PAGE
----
This little piggy goes to market

Fancy a Lake District plot with a difference? At Ravenscreek you can go the whole hog, says Chris Partridge
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The Independent Online

National Parks are pretty much a no-build zone, so the auction of a site with planning permission for a four-bedroom house in the Lake District next week is understandably attracting world-wide attention.

National Parks are pretty much a no-build zone, so the auction of a site with planning permission for a four-bedroom house in the Lake District next week is understandably attracting world-wide attention.

The site, Ravenscreek, at the foot of the Newlands Valley near Keswick, is stunning. The views are pure Beatrix Potter - anyone who has read The Tale of Mrs Tiggy-Winkle will know the landscape already.

Two acres of land surround a shabby former piggery built in the 1950s. At the moment, the building is the workshop and home of Adam Wilde, joiner, furniture maker, kitchen designer and climber. When he moved in about 10 years ago, the long, low building had been converted crudely into a workshop with a small bunk house constructed illegally inside.

His first battle with the planners was to establish his right to live in the place at all, on the grounds that the authorities had taken no steps to boot his predecessor out for so long that the bunk house had become an established home. That done, he applied for permission to convert the building into a proper house.

Somewhat surprisingly, the Lake District Authority was quite sympathetic to his application. This was probably something to do with the ugliness of the structure and the mess the whole site had been left in. "The place was a notorious tip. We took out 16 skiploads of metal," Wilde says. "Since then we have planted 350 trees, mostly native English hardwoods, and we now have badgers, pipestrelle bats and a barn owl living here."

The application did not go smoothly, however. Local opposition forced Wilde to go to appeal. "That was actually much better than getting permission from the National Parks Authority, because the appeal granted outline permission for any house as long as it is within the walls of the old building," he explains. "The Authority would have only granted detailed permission so a buyer would be limited to exactly what was shown in the drawings."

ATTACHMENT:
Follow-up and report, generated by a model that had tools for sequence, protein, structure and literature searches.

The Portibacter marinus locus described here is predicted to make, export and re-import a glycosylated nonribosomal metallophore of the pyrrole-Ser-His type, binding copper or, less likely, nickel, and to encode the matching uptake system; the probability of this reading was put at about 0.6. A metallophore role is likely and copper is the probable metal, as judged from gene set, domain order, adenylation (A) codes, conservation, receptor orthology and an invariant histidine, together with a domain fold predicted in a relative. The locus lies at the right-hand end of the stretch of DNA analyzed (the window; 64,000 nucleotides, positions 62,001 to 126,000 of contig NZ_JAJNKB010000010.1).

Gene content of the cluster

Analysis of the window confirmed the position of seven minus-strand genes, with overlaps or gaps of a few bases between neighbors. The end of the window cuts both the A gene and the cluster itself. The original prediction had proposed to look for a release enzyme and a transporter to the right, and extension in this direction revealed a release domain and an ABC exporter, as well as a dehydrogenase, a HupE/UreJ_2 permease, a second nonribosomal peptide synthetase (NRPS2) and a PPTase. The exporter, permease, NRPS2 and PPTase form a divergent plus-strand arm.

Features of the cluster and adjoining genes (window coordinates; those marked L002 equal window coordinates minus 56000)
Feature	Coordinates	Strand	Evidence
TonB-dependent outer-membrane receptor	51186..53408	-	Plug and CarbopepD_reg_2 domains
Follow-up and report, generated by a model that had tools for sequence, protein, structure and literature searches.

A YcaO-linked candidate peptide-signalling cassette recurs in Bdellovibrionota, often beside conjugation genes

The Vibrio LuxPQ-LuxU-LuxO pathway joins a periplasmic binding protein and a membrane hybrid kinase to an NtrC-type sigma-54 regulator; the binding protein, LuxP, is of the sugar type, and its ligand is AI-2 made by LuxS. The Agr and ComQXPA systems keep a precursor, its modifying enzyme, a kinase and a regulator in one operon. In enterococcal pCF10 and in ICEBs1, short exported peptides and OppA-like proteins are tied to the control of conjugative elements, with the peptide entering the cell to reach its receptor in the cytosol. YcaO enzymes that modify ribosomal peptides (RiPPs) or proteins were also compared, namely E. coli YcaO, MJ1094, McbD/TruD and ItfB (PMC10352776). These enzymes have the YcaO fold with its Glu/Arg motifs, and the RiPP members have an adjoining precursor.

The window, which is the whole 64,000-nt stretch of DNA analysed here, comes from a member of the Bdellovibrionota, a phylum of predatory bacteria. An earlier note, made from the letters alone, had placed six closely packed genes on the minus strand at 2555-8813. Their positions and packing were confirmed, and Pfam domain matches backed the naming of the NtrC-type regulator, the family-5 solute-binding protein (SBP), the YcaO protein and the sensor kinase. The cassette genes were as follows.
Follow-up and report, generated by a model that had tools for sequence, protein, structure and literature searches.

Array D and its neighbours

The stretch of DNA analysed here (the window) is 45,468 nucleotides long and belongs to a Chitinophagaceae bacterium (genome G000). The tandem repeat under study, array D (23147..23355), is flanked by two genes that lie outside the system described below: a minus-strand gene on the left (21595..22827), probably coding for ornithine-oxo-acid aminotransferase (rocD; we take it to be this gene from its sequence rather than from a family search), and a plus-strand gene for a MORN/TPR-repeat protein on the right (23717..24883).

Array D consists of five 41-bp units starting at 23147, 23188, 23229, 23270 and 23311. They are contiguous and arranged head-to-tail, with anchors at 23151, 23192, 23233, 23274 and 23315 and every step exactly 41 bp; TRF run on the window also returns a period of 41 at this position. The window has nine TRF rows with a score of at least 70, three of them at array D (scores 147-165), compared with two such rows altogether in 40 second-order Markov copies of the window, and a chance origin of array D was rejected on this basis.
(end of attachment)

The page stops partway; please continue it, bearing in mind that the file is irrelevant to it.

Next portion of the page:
Another major plus is that the permission comes without the restrictions that national parks usually impose to encourage full-time occupation and prevent the park becoming a sterile holiday playground with no full-time residents. The owners of Ravenscreek will be able to live there, holiday there, rent it out in the summer or whatever they wish.

The conversion will still be a major job. The corrugated iron roof will have to be replaced and the outside re-rendered. The inside will have to be stripped out and completely rebuilt. The result should be worth it. A single-storey, four bedroom house with a workspace big enough to carry on a small business should that be the aim. Wilde is hoping to take a year off from furniture-making once the place is sold, to indulge his other passion for rock climbing around the world.

If auctioneer Niel Foster of CSH Property Consultants in Penrith does his stuff on Friday, he should be able to do it in some luxury. "The guide price is £275,000, but I will be disappointed if it does not go up to £350,000," he says. "There has been huge interest, even from abroad because of the internet."

The financial rewards are likely to be rich as well. "We are looking comfortably at a three quarters of a million pound house," Foster says. "But it will probably be bought by someone wanting to create their own home rather than a developer."

It seems almost certain that Ravenscreek will sell to a private buyer and become their dream house, but nobody seems to have any idea who will buy the Reading Room at Watermillock, to be auctioned on the same day.

It is one of those properties that seems to have no viable use whatsoever, which is a shame because it is full of character and located in one of the most desirable villages in the Lake District, on the northern shore of Ullswater. It is one of those tin huts the Victorians scattered over the countryside, donated by some local philanthropist for use by the villagers.

Conversion to a house is precluded by the D1 classification, which limits its use to an exhibition or meeting hall, or doctor's surgery. And there is not enough land for a car park, which pretty well rules these uses out as well.

So the auctioneers are looking for a very creative business person who can see a use for this quirky building. They expect it to go for about £40,000.

Both properties will be auctioned on 11 June. For details, call CSH Property Consultants (01768 864541)

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